The Writer’s Desk: Pay attention to your sentences

Recently I participated in a workshop on Writing Great Sentences conducted by Geraldine Woods, author of 25 Great Sentences and How They Got That Way. I’d been trying to sign up for the workshop for two years and always ended up on a waiting list, but this time I made it in. Why would I, author of several books, former English teacher, and bearer of more degrees than a thermometer, need a class on sentences? Because I hate to admit this, but I don’t know everything.

According to Woods, “Sentences are the smallest unit of expression that distinguishes one writer from another.” Diction and syntax are like a fingerprint where readers easily distinguish the urgent, mad voice of Jack Kerouac in On the Road from the staid, elegant narration of Shirley Jackson’s “The Lottery.”

In her workshop, Woods operates on two principles: notice and experiment. By noticing, the writer consciously (or subconsciously) places emphasis on words that are important, words she also wants the reader to notice.

For example, in the pocket style sentence, the word order (or group of sentences in a passage) is framed by beginning and ending the same way; the arrangement acts as a container for that’s really important within the structure. Woods uses an example from Virginia Wolff’s Mrs. Dalloway: “The War was over, except for someone like Mrs. Foxcroft at the Embassy last night, eating her heart out because that nice boy was killed and now the old Manor House must go to a cousin; or Lady Bexborough who opened a bazaar, they said, with the telegram in her hand, John, her favorite, killed; but it was over; thank Heaven – over.”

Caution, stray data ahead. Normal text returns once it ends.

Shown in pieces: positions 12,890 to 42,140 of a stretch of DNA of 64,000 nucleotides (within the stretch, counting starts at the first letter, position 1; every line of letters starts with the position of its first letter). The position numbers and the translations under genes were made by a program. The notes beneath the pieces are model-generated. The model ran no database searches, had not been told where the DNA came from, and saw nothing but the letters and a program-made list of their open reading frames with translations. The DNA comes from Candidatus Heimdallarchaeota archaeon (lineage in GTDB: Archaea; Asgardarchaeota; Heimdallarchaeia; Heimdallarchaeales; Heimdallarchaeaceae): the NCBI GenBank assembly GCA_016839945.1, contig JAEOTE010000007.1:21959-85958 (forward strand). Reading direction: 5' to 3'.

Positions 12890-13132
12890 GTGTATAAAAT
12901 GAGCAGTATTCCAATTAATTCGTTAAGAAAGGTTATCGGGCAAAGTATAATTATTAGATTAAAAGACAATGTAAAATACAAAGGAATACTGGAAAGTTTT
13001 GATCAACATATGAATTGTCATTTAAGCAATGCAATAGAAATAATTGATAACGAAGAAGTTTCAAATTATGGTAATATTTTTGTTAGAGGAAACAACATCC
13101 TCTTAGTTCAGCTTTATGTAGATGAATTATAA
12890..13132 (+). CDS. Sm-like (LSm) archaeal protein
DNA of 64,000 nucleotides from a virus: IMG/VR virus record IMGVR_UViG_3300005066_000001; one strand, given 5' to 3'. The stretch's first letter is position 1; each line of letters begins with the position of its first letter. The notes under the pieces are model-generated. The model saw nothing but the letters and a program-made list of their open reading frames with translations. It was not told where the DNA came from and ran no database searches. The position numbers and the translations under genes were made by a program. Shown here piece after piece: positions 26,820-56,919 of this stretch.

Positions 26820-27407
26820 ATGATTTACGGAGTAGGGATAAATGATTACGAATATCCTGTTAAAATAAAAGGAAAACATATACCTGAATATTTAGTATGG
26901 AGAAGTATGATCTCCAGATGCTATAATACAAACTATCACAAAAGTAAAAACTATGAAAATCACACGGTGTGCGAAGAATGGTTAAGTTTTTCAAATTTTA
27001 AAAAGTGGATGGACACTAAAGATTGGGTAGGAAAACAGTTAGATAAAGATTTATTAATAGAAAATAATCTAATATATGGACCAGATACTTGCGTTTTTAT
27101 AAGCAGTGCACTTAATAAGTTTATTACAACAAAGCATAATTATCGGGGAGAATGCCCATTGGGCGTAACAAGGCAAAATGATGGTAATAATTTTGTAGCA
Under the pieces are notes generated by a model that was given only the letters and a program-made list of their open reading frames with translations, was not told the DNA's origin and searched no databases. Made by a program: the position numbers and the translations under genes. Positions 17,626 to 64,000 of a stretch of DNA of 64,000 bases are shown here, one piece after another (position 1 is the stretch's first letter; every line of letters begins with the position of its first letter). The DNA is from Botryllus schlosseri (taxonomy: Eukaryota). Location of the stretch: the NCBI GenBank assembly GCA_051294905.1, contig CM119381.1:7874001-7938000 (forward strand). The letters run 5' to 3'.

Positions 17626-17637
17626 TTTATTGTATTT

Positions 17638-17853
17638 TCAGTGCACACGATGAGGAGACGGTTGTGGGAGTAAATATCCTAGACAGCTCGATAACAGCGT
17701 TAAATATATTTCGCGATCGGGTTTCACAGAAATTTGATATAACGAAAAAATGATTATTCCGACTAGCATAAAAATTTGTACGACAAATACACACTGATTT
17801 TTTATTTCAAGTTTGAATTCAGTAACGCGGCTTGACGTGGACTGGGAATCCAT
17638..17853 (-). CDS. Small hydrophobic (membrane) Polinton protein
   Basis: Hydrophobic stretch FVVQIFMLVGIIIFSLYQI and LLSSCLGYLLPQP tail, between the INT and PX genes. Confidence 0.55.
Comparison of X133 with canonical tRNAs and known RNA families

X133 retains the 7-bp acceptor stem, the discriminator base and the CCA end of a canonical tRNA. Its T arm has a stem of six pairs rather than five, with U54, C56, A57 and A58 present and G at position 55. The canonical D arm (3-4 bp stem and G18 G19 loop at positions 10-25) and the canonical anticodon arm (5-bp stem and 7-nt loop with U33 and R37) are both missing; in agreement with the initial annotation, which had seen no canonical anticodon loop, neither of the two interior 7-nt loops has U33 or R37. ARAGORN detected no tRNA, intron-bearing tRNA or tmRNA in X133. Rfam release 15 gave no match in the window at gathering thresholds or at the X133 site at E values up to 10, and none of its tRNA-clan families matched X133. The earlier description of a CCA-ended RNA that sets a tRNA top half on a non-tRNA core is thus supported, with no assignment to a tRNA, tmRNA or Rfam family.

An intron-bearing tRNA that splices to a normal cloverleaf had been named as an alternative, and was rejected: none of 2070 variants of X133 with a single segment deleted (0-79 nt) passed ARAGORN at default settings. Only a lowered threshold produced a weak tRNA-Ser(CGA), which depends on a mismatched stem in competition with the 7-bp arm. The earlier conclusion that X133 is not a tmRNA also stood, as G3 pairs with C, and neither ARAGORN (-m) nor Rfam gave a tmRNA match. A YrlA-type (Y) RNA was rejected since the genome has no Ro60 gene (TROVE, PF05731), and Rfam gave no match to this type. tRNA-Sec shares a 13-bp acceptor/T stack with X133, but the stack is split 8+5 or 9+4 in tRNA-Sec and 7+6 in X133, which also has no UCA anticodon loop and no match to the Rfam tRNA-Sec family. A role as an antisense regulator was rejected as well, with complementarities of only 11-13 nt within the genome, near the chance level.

The sentence itself tells a story and reveals essential details that Mrs. Dalloway wishes she could suppress because they inhibit her joy at the war’s end, yet she’s obligated to note them.

In class, Ms. Woods gave us several templates to form our own pocket sentence(s). I chose this one, (which also appears in her book on page 17.)

“Time to go,” said Arthur. __________________ “We have to leave now.”

Here’s my example:

“Time to go,” Arthur said, with an urgency I hadn’t heard him use before. I glanced around but everything seemed fine. What was his problem? I wasn’t done eating my lunch, and you don’t leave Beecher’s mac and cheese behind. Then I noticed the guy in the hoodie, holding something that may have been a gun. “We need to leave now,” Arthur repeated, this time his voice is almost a whisper.

The passage doesn’t include sensory detail, but the word choice is clear, and it provides context for two characters, a mood, and a third character who is about to wreak havoc. The syntax mirrors the urgency I was aiming for.

Woods also demonstrated how experimenting with words such as “verbing a noun,” using repetition, breaking the parallelism rule, and using onomatopoeia can create dynamic syntax. While an entire manuscript might grow muddy with too much experimentation, well-placed grammar experiments create lively storytelling and memorable scenes. If it sounds like anyone wrote it, the work lacks voice.

In a scene from Hemingway’s The Green Hills of Africa, while conversing with a local, he could have said, “I consulted my language guide,” but he elevates it to “Me, dictionary-ing heavily.”

My favorite inventive sentence comes from Nora Zeale Hurston’s novel Jonah’s Gourd Vine. If she’d written, “He heard the train pull up and stop,” it would be grammatically correct, but the point-of-view character had never experienced a locomotive before, so Hurston ignites the reader’s senses with, “Suddenly he was conscious of a great rumbling at hand and the train shickalacked up to the station and stopped.” I don’t know about you, but I’ll never forget the invented verb shickalack.